Should we be drafting for Brexit?

With the UK due to leave the EU on 29 March 2019, questions are arising at to whether contracts should now include ‘Brexit clauses’ and how to define terms such as ‘the EU’, ‘EU law’ and ‘English law’ so their meanings are clear in the future. Parties entering into contracts that will remain in force […]

Is a non compete restriction worth the piece of paper it is written on?

This question is often raised by both employers and employees when looking at post termination restrictions at the beginning of the relationship. It is well established that provisions that seek to restrict an employee’s activities following the termination of their employment are in restraint of trade and therefore unenforceable UNLESS they go no further than […]

What happens if you fail to register your new lease?

New leases for seven years or more must be registered at the Land Registry, normally by the Tenant, and within 2 months of completion. But what happens if you don’t? It rather depends on whether your landlord’s title is registered or not. The Landlord’s title is unregistered Where the Landlord’s title is unregistered, the new […]

Claim first time or lose the right to claim

One question that is often asked, when a client ends up in adjudication, is do I have to run all of my defences in the adjudication? In the recent case of Mailbox (Birmingham) Limited v Galliford Try Building Limited (formerly known as Galliford Try Construction Limited)[1] the court had to consider this very issue. The court […]

Taking care of the (fresh) evidence

This article first appeared in the Estates Gazette. The case of Clear Call Limited – v – Central London Investments Limited [2016] EWCA Civ 1231 [2017] provides further guidance of the application of the Ladd – v – Marshall ([1954] EWCA Civ 1) test for the submission of new evidence in a case where judgment has […]

Civil litigation: ‘Discovery’ is not the same as ‘Disclosure’ (forensic e-providers please note)

Every other day, it seems, I receive marketing emails or phone calls from firms offering forensic services in the field of electronic document disclosure. What some offer me, though, is an ‘e-discovery‘ service. Save your time! I am a solicitor practising in England and Wales, where Lord Woolf abolished ‘discovery’ in the late 1990s (replacing it […]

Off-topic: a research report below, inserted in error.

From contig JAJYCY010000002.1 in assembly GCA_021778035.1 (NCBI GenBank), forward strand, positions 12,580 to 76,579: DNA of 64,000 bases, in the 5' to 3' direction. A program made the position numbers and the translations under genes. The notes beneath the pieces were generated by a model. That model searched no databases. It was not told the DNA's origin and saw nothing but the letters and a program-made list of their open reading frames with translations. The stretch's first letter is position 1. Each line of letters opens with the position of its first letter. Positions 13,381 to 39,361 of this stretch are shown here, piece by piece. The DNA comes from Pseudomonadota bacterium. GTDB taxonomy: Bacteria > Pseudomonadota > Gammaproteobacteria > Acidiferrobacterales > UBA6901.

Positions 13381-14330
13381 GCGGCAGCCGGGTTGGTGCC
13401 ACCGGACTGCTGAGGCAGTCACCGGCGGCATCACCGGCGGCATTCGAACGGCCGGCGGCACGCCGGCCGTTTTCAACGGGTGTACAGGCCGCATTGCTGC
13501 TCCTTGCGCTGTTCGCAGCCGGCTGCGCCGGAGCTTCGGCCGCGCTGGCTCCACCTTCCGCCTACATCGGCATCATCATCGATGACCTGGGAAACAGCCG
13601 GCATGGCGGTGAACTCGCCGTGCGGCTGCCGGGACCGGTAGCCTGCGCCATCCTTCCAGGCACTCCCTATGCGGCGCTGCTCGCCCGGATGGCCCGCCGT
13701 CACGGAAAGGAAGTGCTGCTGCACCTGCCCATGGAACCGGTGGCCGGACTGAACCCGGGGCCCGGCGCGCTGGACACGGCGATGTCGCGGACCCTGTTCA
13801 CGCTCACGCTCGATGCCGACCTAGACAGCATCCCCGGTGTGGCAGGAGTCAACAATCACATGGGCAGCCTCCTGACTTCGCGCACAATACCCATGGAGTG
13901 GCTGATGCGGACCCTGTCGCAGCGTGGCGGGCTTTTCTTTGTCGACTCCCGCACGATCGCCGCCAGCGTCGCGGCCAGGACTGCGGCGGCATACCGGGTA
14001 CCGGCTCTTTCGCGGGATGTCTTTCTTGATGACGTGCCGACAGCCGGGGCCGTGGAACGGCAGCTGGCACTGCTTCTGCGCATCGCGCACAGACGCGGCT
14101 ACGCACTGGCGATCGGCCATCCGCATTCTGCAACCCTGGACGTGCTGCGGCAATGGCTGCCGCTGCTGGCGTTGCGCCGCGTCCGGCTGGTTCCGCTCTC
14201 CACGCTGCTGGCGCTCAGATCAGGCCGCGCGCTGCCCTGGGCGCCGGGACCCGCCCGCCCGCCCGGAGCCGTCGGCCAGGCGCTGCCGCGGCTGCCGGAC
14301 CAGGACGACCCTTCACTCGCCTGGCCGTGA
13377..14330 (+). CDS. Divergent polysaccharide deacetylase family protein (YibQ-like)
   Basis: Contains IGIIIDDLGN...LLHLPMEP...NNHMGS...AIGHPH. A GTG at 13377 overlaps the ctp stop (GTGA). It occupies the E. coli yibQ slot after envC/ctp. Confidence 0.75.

The dangers of informality in contractual dealings

An essential element of contract formation is that the contracting parties make an agreement with the unequivocal intention to create a legally binding arrangement as opposed to a frivolous promise that is not intended to be kept. But just how interpretive can the actions of parties be when it comes to determining exactly what they […]

Lord Justice Jackson delivers his report on Fixed Recoverable Costs: 31 July 2017

I have just ‘hot-footed it’ from the Law Society in Chancery Lane, where, this morning, Lord Justice Jackson (‘LJJ’) presented his report on Fixed Recoverable Costs (entitled “Review of Civil Litigation Costs: Supplemental Report Fixed Recoverable Costs”). The eagerness of the Judiciary to deliver LJJ’s recommendations can perhaps be gauged by the fact that his report was released on-line two […]

Tinker Taylor: The Taylor Review – can Government make work good?

It’s said that you can’t please all the people all the time and nowhere is this more evident, perhaps, than in the eternal struggle between master and servant, employer and employee; and now taskmaster and gig-er. The terminology and technology may change over time but the fundamental employment challenges in the 21st century remain much […]